I’m glad to know Crossley’s SBL paper was well received. The nine-month phenomenon of N.T. Wrong merits the attention given by James. I find myself missing Wrong more and more each month, and oddly enough, having increased difficulty making the connection between the Biblloblog Top-50 and the first incarnation. But I suppose that’s as it should be.

"Obscene" Speech in the Deutero-Pauline Letters

I’m looking forward to reading The Ethics of Obscene Speech in Early Christianity and Its Environment, by Jeremy Hultin, which I just reserved through interlibrary loan. In the meantime I see that Peter Orr has done a trio of blogposts, Obscene Speech in Paul (I), (II), (III), on the prohibitions against foul language in Colossians and Ephesians. According to Orr’s presentation of Hultin, our English translations fuel misleading perceptions of what the deutero-Paulinists condemn. Here’s how the ESV and NRSV, for instance, translate Col 3:8, 4:6:

“But now you must put them all away: anger, wrath, malice, slander, and obscene talk [aischrologia] from your mouth… Let your speech always be gracious, seasoned with salt, so that you may know how you ought to answer each person.” (ESV)

“But now you must get rid of all such things — anger, wrath, malice, slander, and abusive language [aischrologia] from your mouth…Let your speech always be gracious, seasoned with salt, so that you may know how you ought to answer everyone.” (NRSV)

Here’s how they translate Eph 5:3-4:

“But sexual immorality and all impurity or covetousness must not even be named among you, as is proper among saints. Let there be no filthiness nor foolish talk nor crude joking [eutrapelia], which are out of place, but instead let there be thanksgiving.” (ESV)

“But fornication and impurity of any kind, or greed, must not even be mentioned among you, as is proper among saints. Entirely out of place is obscene, silly, and vulgar talk [eutrapelia]; but instead, let there be thanksgiving.” (NRSV)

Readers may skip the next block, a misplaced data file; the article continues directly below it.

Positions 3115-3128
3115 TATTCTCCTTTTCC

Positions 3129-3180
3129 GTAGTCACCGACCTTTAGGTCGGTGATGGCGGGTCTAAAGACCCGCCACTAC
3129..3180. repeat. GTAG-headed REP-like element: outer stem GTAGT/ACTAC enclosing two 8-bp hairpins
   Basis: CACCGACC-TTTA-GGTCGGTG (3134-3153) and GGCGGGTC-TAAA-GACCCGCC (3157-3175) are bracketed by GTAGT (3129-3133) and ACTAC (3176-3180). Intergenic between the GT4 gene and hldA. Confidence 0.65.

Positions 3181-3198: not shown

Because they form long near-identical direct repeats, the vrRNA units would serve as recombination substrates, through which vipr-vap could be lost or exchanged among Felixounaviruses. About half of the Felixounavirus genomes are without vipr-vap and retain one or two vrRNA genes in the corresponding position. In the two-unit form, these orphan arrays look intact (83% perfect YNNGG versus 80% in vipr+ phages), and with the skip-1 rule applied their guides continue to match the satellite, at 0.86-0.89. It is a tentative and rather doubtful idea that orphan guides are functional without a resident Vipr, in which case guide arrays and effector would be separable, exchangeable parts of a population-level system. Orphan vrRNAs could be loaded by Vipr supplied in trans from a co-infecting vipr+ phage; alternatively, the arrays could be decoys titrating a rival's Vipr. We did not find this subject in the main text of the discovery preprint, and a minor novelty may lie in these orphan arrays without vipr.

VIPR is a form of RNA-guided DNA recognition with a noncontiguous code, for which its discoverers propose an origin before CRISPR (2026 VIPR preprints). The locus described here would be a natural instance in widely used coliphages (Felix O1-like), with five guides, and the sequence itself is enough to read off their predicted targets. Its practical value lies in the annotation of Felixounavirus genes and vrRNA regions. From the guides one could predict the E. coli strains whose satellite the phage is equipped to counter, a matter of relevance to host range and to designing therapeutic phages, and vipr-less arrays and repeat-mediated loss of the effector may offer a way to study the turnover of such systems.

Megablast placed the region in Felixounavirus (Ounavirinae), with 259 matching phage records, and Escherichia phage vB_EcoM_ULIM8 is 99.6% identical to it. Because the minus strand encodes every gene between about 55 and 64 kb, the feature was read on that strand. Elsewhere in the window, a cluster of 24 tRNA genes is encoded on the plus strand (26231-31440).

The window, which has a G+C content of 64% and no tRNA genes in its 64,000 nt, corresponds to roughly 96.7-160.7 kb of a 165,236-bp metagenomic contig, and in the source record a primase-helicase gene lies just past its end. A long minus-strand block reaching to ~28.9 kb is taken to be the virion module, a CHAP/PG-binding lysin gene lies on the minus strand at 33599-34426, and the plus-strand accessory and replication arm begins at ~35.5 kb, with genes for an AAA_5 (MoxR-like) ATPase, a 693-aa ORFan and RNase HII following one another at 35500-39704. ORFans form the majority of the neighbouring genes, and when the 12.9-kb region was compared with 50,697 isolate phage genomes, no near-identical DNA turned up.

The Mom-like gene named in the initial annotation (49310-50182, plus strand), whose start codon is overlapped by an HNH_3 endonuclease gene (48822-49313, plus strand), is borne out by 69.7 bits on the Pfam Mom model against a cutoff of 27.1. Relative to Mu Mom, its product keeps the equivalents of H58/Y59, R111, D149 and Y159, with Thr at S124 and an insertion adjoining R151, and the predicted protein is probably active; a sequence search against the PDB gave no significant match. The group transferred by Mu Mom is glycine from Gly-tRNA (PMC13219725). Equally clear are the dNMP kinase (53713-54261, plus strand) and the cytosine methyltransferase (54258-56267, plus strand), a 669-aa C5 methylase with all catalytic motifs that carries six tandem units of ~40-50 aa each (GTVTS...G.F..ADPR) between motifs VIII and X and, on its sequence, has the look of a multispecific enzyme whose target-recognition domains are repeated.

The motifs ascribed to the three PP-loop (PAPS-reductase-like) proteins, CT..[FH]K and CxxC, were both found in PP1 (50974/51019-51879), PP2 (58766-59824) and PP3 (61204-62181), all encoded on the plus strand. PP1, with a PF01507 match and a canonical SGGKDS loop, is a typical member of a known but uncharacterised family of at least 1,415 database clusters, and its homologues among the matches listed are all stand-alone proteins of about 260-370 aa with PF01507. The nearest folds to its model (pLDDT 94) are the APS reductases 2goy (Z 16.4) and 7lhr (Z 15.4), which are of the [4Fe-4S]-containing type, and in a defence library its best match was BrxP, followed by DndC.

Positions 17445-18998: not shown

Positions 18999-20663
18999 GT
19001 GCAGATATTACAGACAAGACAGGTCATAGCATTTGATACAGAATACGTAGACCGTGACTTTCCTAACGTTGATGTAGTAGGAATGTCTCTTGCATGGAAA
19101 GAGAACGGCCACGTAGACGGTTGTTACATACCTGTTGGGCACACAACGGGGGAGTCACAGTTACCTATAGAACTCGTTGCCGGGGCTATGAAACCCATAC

In the case of Colossians, the NRSV gets it better, because, according to Hultin, aischrologia does not have any sexual reference as in our English cussing. It means abusive and unkind speech. The salt reference, moreover, is lost on many of us, because it was often a synonym for humor or wit in antiquity. The author of Colossians is thus advocating the use of humor to win people to the gospel, and only condemning abusive speech (which is on par with anger, wrath, malice, and slander, the other vices condemned) — not necessarily sexually obscene speech — in such a context.

In the case of Ephesians, neither translation is impressive, because each renders eutrapelia negatively (“crude joking”, or “vulgar talk”). According to Hultin, eutrapelia was understood positively in antiquity. It was a witty form of speech that doctors often used to put patients at ease, as did lawyers with clients, and commanders with their soldiers. The question then becomes why the author of Ephesians condemns something so valuable.

Orr puts the question this way: Why is humor and wit commanded in Colossians but condemned in Ephesians? An obvious answer (for me) is that we’re dealing with two different authors and there’s no reason to expect consistency between the deutero-Paulinists. But we still have to wonder why the author of Ephesians comes down hard on something esteemed so highly. Orr thinks the way to make sense of it is by connecting verses 3 and 4, meaning that “evil things” shouldn’t appear in speech, “even through the otherwise good speech-form of wit”. If that’s true, our English translations of eutrapelia may not be too far off the mark.

I’ll ponder this more when I get to read Hultin’s book.

UPDATE: I have read and reviewed the book. Orr is on the wrong track in trying to reconcile the texts the way he does. The author of Ephesians condemns not only obscene language, but even innocent humor in view of a sanctified community.